How well do you know Mario? It turns out that this is quite a weird question to try and answer. Most of the time when you’re playing a Mario game, you are Mario. When you’re right in the middle of it you feel that familiar weight through the fingers, that same elastic pull of gravity during a jump, and you probably don’t think, “That’s Mario jumping,” you probably think, “I’m jumping” – if you think anything at all. Mario becomes weirdly invisible when you’re racing him through his candied worlds. Knowing Mario is knowing yourself in-game: now I can triple-jump, now I can wall-spring, now I’m wearing a hat that can animate everything I throw it at. It’s great being Mario!
But what kind of thing does Mario get up to when he isn’t – or when we aren’t – platforming? Hardly a burning question in 2017, so only a handful of games have tried to answer this. Anyway, one of the very best is just getting a tricked-out re-release on 3DS. Welcome back, Mario and Luigi: Superstar Saga. God, you have been missed.
Superstar Saga isn’t the Mario game I return to most often – due to convenience, that’s probably Super Mario 3D Land. But it’s the one I return to most often in my memory. There had been Mario RPGs before this, and there have been Mario RPGs since. They’re all brilliant. Fine. But Superstar Saga is the best.
Partly this is down to the novelty, I think: controlling the two brothers, Mario and Luigi, for the first time like this, as if they are kids forming a crocodile on a nursery school trip? That’s just a wonderful piece of magic. Jumping around in this game feels like an event in itself, as you have to remember to jump with Mario and then jump with Luigi – and shouldn’t jumping in a Mario game feel like an event? Early on in the adventure, the brothers are tasked with jumping rope. In a fit of classic Mario logic, I think this is part of an immigration test as you leave the Mushroom Kingdom behind to find fresh adventure in a land of talking beans. It’s absolutely brilliant stuff: you’re laughing so hard, but you’re also concentrating. Synchronised jump-rope! I would play a whole game of this.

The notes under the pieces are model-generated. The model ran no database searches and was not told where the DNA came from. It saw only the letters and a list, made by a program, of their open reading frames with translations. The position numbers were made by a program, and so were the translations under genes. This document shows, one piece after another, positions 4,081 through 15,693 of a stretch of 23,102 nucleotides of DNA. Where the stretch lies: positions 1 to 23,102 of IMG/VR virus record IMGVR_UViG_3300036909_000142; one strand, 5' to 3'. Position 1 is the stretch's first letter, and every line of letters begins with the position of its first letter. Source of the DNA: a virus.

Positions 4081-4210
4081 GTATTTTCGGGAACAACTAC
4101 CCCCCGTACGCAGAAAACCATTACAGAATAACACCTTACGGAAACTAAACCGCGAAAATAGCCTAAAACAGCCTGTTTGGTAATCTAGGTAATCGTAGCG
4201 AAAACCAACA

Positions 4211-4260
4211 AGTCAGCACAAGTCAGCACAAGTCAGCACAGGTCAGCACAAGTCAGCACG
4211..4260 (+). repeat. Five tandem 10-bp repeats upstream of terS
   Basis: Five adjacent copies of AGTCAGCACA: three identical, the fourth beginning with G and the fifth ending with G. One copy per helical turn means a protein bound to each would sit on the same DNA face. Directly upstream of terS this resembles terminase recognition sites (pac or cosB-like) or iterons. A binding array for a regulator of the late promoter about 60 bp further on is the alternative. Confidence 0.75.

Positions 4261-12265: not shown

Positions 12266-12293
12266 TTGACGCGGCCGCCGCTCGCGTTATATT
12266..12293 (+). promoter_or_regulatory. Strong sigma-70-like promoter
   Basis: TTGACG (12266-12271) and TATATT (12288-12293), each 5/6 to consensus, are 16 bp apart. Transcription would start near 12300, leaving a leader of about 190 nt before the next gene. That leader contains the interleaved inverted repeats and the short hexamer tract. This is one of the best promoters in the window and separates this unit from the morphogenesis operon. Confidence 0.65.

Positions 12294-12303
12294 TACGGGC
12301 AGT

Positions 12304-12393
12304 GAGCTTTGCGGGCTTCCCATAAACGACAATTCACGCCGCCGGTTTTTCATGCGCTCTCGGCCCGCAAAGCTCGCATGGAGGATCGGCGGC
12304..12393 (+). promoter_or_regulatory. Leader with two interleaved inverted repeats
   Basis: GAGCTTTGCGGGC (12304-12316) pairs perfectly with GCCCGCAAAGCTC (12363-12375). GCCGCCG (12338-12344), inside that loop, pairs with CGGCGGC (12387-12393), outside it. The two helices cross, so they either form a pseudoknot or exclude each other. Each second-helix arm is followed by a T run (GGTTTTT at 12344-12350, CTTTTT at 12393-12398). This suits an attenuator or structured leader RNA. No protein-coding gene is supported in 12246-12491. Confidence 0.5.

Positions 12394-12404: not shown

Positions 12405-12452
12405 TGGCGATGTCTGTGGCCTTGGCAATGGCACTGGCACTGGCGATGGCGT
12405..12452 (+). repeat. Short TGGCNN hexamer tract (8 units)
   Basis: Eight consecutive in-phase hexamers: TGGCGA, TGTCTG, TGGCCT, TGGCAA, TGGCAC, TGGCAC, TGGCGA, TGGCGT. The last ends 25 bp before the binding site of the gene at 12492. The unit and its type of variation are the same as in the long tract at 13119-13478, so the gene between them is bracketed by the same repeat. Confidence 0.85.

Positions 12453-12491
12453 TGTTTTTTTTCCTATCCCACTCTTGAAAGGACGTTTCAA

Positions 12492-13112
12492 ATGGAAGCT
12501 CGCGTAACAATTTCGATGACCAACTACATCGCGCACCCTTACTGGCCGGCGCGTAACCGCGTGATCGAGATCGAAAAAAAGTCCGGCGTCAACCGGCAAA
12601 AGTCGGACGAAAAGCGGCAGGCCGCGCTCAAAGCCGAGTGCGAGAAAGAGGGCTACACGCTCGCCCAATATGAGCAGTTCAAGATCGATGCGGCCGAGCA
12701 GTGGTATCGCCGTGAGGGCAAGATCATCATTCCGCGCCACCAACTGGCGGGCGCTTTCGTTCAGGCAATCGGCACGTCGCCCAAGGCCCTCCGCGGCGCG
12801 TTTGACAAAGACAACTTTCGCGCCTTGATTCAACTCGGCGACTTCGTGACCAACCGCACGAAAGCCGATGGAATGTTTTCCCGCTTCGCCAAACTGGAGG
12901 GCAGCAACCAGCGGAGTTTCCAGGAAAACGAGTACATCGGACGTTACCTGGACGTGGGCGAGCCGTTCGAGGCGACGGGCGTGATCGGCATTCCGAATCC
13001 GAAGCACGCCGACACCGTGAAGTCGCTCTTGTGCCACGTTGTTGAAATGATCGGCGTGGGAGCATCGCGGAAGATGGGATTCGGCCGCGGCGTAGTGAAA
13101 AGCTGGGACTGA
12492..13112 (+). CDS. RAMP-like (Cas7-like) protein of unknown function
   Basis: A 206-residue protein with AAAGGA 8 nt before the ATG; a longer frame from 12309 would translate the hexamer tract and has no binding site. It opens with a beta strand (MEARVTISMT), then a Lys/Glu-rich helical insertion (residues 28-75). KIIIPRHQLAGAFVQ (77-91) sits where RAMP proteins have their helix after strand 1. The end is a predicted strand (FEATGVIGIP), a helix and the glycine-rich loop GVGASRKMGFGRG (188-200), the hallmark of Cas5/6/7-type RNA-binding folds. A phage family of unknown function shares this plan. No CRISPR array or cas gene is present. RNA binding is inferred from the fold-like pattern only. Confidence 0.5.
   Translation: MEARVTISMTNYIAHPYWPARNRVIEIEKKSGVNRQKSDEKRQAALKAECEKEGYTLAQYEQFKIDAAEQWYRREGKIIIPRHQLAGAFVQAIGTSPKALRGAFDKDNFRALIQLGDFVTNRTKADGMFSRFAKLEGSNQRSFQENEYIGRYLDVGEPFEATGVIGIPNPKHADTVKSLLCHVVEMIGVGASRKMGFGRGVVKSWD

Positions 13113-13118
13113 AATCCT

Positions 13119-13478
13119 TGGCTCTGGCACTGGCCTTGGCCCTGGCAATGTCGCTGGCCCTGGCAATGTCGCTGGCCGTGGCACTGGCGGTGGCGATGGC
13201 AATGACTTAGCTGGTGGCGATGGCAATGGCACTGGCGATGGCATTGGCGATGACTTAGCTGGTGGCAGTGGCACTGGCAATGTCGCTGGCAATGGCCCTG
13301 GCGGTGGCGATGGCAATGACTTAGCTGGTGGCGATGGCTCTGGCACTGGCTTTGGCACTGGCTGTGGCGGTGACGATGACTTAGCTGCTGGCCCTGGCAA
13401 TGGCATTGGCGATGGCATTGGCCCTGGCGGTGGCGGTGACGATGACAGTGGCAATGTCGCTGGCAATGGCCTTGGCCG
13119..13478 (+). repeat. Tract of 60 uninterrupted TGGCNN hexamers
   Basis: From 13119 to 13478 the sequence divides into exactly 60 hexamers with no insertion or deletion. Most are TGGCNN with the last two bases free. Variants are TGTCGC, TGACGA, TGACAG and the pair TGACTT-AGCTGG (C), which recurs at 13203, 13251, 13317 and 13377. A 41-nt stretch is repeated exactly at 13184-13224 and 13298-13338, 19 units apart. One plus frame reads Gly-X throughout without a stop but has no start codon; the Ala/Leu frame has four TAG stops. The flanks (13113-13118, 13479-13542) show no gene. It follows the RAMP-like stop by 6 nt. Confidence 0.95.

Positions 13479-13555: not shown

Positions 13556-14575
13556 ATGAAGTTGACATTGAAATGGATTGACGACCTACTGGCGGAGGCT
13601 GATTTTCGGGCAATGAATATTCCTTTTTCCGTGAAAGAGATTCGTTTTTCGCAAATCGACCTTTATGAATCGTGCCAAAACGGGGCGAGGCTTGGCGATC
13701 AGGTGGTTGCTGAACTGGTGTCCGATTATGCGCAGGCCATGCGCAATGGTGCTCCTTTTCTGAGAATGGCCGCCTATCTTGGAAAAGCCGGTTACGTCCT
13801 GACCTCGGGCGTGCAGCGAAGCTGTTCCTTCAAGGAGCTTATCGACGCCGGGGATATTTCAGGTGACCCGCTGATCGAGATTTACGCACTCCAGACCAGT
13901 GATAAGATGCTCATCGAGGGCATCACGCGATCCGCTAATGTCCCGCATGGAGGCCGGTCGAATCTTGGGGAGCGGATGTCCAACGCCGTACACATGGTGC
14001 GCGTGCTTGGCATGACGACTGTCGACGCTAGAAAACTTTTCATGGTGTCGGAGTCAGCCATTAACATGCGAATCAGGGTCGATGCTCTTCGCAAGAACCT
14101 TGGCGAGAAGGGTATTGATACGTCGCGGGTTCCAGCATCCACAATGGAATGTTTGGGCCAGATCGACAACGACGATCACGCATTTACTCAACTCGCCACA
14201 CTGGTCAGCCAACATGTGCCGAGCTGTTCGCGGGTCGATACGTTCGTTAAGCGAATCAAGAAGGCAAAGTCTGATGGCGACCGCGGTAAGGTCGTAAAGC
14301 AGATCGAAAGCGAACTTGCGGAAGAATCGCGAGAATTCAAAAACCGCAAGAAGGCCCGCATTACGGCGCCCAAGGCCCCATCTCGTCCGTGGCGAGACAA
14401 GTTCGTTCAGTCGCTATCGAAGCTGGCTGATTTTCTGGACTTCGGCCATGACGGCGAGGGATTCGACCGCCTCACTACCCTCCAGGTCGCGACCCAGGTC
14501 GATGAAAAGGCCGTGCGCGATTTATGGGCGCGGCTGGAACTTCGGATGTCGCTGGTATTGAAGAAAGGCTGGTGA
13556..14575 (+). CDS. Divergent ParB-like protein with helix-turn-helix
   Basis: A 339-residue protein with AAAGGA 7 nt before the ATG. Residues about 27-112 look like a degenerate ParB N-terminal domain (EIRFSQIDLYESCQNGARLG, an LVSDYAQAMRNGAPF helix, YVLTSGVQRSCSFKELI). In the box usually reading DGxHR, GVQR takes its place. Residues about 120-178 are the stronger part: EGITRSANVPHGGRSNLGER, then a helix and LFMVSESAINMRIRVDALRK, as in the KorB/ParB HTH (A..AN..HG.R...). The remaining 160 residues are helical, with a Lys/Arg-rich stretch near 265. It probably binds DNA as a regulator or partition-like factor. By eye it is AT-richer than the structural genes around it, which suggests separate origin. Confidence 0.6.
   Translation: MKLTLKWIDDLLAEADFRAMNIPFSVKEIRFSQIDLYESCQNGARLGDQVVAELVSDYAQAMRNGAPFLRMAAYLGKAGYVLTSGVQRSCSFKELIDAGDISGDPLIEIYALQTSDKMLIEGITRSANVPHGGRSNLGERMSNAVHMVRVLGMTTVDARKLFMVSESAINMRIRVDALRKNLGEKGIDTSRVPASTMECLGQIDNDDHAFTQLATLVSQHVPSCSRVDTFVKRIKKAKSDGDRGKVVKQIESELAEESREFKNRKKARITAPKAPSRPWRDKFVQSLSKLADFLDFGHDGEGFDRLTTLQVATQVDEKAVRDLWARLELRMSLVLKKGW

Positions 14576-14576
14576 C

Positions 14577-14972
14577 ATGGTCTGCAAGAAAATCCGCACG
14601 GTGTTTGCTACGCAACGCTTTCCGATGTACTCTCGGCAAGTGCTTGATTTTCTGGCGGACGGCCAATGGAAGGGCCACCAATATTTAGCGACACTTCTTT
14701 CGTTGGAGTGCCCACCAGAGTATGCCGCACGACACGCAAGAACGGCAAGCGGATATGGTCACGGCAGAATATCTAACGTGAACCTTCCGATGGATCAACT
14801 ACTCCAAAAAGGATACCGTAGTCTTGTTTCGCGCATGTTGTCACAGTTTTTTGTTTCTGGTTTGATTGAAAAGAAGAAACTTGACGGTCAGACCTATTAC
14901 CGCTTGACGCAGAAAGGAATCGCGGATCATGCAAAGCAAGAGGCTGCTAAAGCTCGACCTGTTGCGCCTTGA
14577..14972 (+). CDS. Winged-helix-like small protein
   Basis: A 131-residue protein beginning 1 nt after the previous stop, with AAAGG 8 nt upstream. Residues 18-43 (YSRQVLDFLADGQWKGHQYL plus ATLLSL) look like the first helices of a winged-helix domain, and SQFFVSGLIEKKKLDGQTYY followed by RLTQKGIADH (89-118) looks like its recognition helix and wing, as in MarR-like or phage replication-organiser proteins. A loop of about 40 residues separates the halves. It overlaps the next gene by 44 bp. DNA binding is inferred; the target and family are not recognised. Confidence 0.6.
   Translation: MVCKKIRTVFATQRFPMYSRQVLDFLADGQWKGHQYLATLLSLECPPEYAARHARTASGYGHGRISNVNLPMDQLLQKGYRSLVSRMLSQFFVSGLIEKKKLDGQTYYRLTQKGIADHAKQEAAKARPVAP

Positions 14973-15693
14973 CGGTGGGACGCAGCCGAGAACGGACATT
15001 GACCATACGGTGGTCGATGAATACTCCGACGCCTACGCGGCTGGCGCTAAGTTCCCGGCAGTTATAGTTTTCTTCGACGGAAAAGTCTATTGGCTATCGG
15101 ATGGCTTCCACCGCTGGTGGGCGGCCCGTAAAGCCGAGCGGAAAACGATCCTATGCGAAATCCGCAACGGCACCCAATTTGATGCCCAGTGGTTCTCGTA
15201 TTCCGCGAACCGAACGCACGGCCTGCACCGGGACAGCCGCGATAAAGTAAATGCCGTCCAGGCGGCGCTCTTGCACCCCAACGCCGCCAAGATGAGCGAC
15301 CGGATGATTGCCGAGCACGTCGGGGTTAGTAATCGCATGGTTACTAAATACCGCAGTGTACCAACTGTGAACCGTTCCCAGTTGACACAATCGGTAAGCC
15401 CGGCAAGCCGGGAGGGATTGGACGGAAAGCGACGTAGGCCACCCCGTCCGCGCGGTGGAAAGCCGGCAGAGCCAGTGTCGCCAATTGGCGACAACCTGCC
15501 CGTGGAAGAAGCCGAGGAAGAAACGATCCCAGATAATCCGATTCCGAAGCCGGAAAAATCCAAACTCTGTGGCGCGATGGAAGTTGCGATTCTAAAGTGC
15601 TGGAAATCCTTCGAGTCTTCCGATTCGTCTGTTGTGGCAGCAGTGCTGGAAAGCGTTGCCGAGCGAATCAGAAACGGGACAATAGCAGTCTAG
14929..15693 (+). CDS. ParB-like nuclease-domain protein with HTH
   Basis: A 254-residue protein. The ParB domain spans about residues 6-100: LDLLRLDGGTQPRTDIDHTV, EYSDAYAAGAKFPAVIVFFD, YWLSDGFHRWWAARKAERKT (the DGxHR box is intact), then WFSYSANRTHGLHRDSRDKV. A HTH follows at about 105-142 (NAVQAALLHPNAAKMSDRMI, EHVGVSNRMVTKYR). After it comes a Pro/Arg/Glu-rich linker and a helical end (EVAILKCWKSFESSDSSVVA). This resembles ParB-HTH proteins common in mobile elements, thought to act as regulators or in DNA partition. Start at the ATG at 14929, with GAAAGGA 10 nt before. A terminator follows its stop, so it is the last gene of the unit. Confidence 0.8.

But Mario, of course, has other things to do – although that jump-rope training does inevitably come in handy in boss fights. This is another part of the appeal: Superstar Saga is wonderfully fidgety, taking you through endless lands, each as strange and comic as the last, on a mission that takes the normal RPG quest and turns it into something truly surreal.
God, it’s so colourful. This is one of the most under-appreciated aspects of Superstar Saga, I think: that palette of pinks and purples and creams. I first played Superstar Saga over a long cold Christmas visit back home, and it’s been locked in my mind ever since as the perfect Christmas game, the GBA screen twinkling with reflected Christmas lights as Radio 4 carols mingle with the soundtrack.
Mainly, though, the appeal of this game is prolonged time with Mario – and with the Mario you never get to see. Mario roused from the shower and racing off on adventure with a towel around his waist – or is that Luigi? Luigi parachuting into enemy territory dressed as Princess Peach – or is that Mario? Everywhere Mario goes there’s a cameo from another game, such as Professor E. Gadd, who pops up as a coffee shop owner. And everywhere Mario goes, Mario’s reputation precedes him – except his fans know as little about Mario as the rest of us do. They only believe it’s really him when he performs his famous jump.
That’s one of the best jokes in any Mario game, I think, a throwaway gag that kickstarts every other conversation in Superstar Saga. And Superstar Saga remains one of the secret best Mario games. Man, it’s great to have another excuse to give it a spin.